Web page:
GHSA announces conditioning can begin June 8 in limited groups

Posted 5/22/20

The first step towards a resumption of high school athletics in Georgia has been taken.Thursday afternoon, the GHSA held a virtual Board of Trustees meeting during which it was announced that member …

This item is available in full to subscribers.

Please log in to continue

Log in

Don't have an ID?

Print subscribers

If you're a print subscriber, but do not yet have an online account, click here to create one.


Click here to see your options for becoming a subscriber.

GHSA announces conditioning can begin June 8 in limited groups

The first step towards a resumption of high school athletics in Georgia has been taken.
Thursday afternoon, the GHSA held a virtual Board of Trustees meeting during which it was announced that member schools can begin to hold conditioning workouts June 8. Those sessions come with several restrictions, including a limit of 20 individuals (players and coaches) at a time.
"The plan is restrictive and provides for conditioning only," GHSA Executive Director Robin Hines said in a statement posted to the governing body's website. "As the data related to COVID-19 continues to improve, restrictions may be reduced after input from our health care professionals and guidance from our governor.
"Please make every effort to follow the recommendations and restrictions included in the guidance provided. As you return to conditioning, keep in mind that the majority of your athletes have 'deconditioned' the past two months and need to work into what would be normal for this time of year. Reduce the work and gradually increase the workouts with time."
After the coronavirus outbreak, the GHSA followed the lead of Governor Brian Kemp, shutting down all games and activities while school campuses were closed. The initial decision came March 17, and all GHSA events for the remainder of the 2019-20 school year were officially canceled and summer workouts were indefinitely postponed April 2.
There are plenty of caveats to Thursday's decision to begin lifting the ban. The most obvious one is that this is only an approval for conditioning. No sports specific equipment is allowed at these sessions.
According to the minutes from Thursday's meeting posted on the GHSA website, Hines' initial proposal called for a June 1 return. However, athletic directors from three of the state's largest school systems — Atlanta Public Schools, Fulton County Schools and Henry County Schools — expressed concerns about being able to properly prepare in such a short window.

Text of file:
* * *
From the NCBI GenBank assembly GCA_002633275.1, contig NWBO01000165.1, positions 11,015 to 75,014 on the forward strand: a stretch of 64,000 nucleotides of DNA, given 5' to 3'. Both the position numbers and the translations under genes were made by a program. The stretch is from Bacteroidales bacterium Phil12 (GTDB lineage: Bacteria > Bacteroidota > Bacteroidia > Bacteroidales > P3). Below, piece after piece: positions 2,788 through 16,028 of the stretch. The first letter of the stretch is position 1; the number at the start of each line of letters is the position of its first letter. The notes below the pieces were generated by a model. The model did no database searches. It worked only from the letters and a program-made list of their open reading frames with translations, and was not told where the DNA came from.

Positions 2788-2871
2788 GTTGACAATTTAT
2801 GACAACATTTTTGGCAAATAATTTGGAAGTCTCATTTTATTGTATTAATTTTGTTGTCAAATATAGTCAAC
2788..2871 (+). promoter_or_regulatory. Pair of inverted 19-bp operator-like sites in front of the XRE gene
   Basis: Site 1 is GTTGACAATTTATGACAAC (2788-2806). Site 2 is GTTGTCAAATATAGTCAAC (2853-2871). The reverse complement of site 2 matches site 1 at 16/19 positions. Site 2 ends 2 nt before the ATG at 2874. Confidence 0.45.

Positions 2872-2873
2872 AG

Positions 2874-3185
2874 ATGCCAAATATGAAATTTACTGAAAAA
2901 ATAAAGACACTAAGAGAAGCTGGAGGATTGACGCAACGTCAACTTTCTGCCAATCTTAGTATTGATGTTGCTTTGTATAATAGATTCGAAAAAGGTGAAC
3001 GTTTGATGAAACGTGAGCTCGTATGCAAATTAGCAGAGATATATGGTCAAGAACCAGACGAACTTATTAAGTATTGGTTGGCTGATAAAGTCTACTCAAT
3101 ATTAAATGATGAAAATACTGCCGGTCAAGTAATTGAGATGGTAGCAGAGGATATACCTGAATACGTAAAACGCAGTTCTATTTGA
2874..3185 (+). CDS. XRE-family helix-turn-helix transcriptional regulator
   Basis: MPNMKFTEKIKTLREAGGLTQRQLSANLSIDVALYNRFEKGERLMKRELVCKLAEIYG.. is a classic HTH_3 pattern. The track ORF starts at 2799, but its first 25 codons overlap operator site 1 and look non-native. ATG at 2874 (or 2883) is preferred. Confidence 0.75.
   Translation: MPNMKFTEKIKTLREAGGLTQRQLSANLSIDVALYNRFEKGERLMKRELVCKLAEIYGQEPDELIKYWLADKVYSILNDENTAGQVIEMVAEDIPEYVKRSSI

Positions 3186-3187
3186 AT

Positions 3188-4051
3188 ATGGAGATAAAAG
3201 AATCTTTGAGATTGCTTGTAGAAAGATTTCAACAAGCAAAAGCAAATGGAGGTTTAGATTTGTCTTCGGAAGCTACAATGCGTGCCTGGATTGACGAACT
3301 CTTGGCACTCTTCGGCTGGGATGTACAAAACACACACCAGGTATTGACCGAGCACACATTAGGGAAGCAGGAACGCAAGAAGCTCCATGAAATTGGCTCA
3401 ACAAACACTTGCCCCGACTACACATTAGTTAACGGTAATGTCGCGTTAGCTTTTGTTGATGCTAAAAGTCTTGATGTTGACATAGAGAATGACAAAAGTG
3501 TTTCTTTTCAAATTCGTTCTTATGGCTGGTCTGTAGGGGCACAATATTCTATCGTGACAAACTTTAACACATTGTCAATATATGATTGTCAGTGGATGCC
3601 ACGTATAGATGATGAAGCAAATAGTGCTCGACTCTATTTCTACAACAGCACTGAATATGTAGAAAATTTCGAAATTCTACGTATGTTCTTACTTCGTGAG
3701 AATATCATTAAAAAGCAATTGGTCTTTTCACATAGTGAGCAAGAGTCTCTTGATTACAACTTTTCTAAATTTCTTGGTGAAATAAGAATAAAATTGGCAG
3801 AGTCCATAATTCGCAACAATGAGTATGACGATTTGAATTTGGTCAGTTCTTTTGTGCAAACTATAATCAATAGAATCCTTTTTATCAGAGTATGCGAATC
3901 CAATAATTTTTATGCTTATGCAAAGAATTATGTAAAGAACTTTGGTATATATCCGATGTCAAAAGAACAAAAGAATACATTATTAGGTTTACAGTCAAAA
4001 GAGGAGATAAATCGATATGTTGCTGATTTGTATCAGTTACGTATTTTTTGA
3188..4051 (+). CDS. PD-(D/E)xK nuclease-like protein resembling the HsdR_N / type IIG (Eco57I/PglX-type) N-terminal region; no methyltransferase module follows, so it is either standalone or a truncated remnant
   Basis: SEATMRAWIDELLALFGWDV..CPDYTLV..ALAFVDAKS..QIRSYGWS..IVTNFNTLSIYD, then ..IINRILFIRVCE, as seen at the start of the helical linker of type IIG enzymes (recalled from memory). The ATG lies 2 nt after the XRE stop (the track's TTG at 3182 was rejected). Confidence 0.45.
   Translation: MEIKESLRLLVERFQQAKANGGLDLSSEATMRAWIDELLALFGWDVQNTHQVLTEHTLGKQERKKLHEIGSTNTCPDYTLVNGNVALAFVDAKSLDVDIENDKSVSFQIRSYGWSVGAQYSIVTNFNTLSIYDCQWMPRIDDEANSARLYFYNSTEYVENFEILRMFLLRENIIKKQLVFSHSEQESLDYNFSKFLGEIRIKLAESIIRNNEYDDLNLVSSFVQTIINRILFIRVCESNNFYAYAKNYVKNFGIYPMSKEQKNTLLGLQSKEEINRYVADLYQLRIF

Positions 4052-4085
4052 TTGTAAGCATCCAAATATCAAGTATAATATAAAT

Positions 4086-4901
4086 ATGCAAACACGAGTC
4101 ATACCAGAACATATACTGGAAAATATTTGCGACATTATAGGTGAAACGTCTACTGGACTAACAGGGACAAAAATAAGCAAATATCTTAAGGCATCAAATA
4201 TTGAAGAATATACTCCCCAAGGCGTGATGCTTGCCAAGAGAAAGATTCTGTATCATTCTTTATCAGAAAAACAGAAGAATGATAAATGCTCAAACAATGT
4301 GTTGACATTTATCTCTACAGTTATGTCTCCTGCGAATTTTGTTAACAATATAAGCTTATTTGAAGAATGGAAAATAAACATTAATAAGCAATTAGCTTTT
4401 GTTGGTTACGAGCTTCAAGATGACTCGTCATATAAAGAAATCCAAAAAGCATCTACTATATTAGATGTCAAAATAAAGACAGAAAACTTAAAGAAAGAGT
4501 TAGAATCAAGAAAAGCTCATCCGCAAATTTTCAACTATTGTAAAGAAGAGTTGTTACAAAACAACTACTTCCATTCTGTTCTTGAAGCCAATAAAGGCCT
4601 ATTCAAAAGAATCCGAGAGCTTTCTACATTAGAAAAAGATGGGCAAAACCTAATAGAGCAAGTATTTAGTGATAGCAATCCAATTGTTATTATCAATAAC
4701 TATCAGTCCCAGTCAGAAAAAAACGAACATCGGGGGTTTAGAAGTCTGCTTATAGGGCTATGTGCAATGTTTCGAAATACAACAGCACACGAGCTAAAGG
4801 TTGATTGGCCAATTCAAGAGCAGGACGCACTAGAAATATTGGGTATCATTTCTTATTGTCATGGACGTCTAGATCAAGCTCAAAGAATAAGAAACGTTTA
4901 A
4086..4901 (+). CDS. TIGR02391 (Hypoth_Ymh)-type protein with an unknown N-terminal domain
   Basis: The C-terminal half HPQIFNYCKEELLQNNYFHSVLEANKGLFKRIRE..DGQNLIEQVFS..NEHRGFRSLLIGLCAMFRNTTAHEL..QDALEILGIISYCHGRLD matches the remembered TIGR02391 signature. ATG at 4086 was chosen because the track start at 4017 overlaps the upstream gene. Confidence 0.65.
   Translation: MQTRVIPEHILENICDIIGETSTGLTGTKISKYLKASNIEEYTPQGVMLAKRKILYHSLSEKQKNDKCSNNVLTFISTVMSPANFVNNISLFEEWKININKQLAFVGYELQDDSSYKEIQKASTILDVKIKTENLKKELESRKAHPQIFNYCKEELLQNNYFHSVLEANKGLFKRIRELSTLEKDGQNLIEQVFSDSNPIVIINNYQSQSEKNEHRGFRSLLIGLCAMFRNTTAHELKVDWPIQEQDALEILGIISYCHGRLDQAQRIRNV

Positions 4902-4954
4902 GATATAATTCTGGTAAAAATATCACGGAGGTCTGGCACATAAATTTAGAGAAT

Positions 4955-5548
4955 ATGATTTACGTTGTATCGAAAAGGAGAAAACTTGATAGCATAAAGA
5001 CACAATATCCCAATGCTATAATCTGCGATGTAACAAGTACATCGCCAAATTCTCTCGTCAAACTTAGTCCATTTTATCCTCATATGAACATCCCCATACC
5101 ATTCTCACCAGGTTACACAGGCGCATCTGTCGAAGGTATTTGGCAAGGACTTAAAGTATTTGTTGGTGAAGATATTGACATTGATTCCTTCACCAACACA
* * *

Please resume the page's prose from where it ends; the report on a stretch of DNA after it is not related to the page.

“I don’t have any problems with the plan itself,” Henry County Schools athletic director Curt Miller was quoted as saying. “It’s the June 1 date. If we could just push that back a week, it would make things a lot easier on the larger systems.”
Thursday's announcement did not include any future timeline, meaning a return to actual practices or the opportunity to have tryouts remain on hold indefinitely. It does, however, offer the initial glimpse of sports making a comeback on a local level in the Peach State.
Along with a guidance list, detailing the recommendations and restrictions on holding conditioning workouts, the GHSA also posted on its website a monitoring form for coaches and players, as well as a "Workout Questionnaire."
Each monitoring form has a space to record an individual's temperature, if higher than 100.3 degrees Fahrenheit, and yes/no boxes under the following categories: fever, cough, sore throat, shortness of breath, recent loss of taste or smell, and close contact or care for someone with COVID-19.
The questionnaire includes four questions every athlete should answer before being allowed to participate in a workout:
— Do you or have you had a fever in the last week?
— Have you been diagnosed with COVID-19?
— Have you been in contact with anyone diagnosed with COVID-19?
— Have you traveled to a “hot spot” for COVID-19?
If the answer is "Yes" to any of the questions, then the athlete shouldn't participate in any workouts for a 14-day period, per the GHSA guidelines.
Along with the aforementioned limit on group size, individuals (again referring to both players and coaches) aren't allowed to change groups over the duration of this undetermined time period in an effort to limit risk of exposure. There should also be a minimum of 15 minutes between workout groups to allow for disinfecting of facilities, where applicable.
As far as the weight rooms are concerned, equipment should be cleaned and sanitized before and after use by each student. Masks or face coverings are recommended for the weight room, while spotting weightlifters should only be done from the side. (Although, the guidance says the use of safety bars is preferable.)
Other safety measures involve no access to locker rooms or shower facilities, readily available hand sanitizer and use of personal water bottles only. The guidance list also notes that social distancing is to be practiced at all times during these sessions.
School systems are also asked to develop an "infectious disease prevention plan" before athletes and coaches take part in conditioning.
"Keep in mind," Hines writes, "that member schools may be more restrictive than the guidance but may not be less restrictive."